Off-the-chart temperature readings at the Fukushima No. 1 nuclear power plant's damaged No. 2 reactor are due to a faulty thermometer and no cause for alarm, according to plant operator Tokyo Electric Power Co.
TEPCO's assessment is backed by the government’s Nuclear and Industrial Safety Agency and the Atomic Energy Society of Japan, which comprises academics and nuclear specialists.
The utility also said there was no evidence of the release of nuclear material that would suggest a heat-producing chain reaction known as nuclear fission, which could be occurring if the alarmingly high readings were accurate.
It said other thermometer readings remained stable.
The temperature at the base of the No. 2 reactor’s pressure vessel went over 400 degrees and became unmeasurable on the afternoon of Feb. 13 after steady spikes for several days.
Aside from the one thermometer, readings on 34 other devices remained flat or showed slight drops in temperature.
The temperature surge initially triggered alarm, giving rise to speculation that the government could be forced to repudiate its announcement in December that a state akin to cold shutdown had been achieved. The term refers to the state in which temperatures at the base of the crippled reactor's pressure vessels are below 100 degrees, government officials said.
In its announcement, the government also said it had reduced the volume of radioactive materials spewing from the plant.
Given the fact the thermometers were exposed to extremely high temperatures following a meltdown at the reactor last March, readings can be off by as much as 20 degrees.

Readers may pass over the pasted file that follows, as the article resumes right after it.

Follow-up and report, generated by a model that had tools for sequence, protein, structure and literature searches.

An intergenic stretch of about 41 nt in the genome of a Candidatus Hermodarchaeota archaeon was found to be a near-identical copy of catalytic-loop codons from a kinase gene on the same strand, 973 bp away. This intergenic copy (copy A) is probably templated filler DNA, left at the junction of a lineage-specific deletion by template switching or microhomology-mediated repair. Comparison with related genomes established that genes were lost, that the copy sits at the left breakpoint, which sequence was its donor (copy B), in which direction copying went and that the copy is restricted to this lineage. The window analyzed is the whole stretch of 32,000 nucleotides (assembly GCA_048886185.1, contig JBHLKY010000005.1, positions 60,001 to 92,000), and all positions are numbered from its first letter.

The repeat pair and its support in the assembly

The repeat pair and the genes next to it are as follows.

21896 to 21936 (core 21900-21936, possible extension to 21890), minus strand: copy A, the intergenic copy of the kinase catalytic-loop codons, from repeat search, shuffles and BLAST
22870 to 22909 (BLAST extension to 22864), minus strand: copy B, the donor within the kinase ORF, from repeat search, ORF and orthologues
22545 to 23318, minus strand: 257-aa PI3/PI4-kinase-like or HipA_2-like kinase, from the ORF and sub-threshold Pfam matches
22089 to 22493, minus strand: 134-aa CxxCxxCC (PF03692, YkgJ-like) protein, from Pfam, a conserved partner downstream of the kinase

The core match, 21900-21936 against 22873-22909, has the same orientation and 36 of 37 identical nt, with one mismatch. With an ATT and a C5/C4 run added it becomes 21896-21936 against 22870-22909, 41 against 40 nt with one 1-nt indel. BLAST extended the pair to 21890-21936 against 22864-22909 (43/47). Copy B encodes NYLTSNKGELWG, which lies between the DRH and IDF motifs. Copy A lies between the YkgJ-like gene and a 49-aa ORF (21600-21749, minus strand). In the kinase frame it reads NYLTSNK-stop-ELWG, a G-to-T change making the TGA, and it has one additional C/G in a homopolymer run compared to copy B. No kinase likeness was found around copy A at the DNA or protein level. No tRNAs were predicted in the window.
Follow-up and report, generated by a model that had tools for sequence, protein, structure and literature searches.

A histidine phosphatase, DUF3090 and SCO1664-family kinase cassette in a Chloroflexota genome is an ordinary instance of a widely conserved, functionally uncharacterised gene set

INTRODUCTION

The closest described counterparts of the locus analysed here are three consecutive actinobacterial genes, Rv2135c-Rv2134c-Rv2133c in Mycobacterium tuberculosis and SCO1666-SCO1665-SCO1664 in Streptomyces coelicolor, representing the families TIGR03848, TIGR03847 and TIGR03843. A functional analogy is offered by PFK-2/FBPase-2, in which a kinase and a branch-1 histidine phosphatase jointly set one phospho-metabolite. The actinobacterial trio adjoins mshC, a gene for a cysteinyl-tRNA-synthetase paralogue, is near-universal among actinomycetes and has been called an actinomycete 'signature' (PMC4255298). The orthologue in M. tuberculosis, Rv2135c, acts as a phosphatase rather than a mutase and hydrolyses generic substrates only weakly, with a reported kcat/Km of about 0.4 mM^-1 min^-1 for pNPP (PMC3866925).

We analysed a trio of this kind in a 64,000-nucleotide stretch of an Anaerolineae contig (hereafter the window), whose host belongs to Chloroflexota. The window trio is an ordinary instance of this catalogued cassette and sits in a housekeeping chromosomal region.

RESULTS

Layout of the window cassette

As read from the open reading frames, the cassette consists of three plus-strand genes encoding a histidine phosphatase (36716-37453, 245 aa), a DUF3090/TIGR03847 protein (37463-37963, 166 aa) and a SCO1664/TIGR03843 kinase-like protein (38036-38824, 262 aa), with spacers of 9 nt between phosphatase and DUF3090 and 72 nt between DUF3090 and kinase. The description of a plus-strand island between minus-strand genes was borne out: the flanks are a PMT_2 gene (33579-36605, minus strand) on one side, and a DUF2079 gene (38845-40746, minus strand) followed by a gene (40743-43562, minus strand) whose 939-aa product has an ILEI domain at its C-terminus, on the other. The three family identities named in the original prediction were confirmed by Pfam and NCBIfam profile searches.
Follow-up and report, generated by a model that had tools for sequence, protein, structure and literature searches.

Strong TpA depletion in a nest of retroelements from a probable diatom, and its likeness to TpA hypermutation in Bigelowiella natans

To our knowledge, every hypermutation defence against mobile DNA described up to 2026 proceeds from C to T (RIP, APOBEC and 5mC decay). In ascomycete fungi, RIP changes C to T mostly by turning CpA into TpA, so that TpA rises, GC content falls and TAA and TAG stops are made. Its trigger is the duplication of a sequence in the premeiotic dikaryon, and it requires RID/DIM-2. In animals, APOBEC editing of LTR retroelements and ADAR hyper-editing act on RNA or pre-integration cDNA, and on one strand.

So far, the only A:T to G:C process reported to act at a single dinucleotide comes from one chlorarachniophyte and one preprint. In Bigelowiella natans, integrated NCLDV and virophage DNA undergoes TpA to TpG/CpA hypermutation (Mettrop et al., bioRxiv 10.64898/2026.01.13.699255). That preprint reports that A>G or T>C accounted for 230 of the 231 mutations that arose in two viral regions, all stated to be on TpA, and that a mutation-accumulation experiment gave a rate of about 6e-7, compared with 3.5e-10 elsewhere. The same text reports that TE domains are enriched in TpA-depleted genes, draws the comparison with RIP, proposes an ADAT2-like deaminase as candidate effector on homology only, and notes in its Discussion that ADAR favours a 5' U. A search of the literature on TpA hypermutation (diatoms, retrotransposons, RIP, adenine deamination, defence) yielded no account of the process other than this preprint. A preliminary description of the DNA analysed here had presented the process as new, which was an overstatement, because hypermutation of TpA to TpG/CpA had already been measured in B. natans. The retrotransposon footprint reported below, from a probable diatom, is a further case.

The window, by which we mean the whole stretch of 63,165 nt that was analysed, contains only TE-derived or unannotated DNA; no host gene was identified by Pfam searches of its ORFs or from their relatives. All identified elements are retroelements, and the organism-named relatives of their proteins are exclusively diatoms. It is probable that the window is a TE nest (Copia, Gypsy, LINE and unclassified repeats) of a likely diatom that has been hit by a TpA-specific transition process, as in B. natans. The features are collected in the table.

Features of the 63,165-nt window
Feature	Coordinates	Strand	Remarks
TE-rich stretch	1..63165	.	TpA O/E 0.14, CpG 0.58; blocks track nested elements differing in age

The loss of all power sources at the nuclear complex following the Great East Japan Earthquake and tsunami led to meltdowns at three reactors.
According to TEPCO, the thermometer in question had a reading of 272.8 degrees at 6 p.m. on Feb. 13. It later soared to beyond 400 degrees, the maximum figure that can be measured.
TEPCO officials attributed the glitch to a broken cable connection.
Two other thermometers set at the same height as the one showing unusually high temperatures gave readings of 31.5 degrees and 32.3 degrees.
One installed right below the faulty thermometer gave a reading of 38.4 degrees.
TEPCO pointed out that the other devices would have had much higher readings if the temperature levels had really reached 400 degrees.
Some 35 thermometers are set around the outer wall of the reactor’s pressure vessel, which is about 22 meters tall and has an inner diameter of 5.6 meters.
Figures recorded near the base of the reactor, where melted nuclear fuel ended up, are slowly dropping as more cooling water is pumped in, TEPCO said.
Readings in the upper part of the reactor pressure vessel remained flat despite the increased flow of cooling water.
TEPCO cited additional grounds for its conclusion.
It noted that readings have been all over the place, fluctuating significantly in a range of 70 degrees but under 100 degrees since the afternoon of Feb. 12.
It said the readings were inexplicably high, given that 10-degree water is flowing inside the steel wall of the pressure vessel.
TEPCO also said that cesium levels around the nuclear complex had not changed despite the high readings. This would have been expected, along with more steam, if the temperature had risen significantly.
“It is not plausible that the temperature at one location is soaring when the overall trend of the temperatures is downward,” said Takashi Sawada, vice chairman of the Atomic Energy Society of Japan. “It (the specific thermometer) must be broken, since other devices nearby show low readings.”
The device in question is known as a thermocouple, which is a widely used type of temperature sensor for measurement and control.
(This article was written by Hidenori Tsuboya and Tatsuyuki Kobori.)
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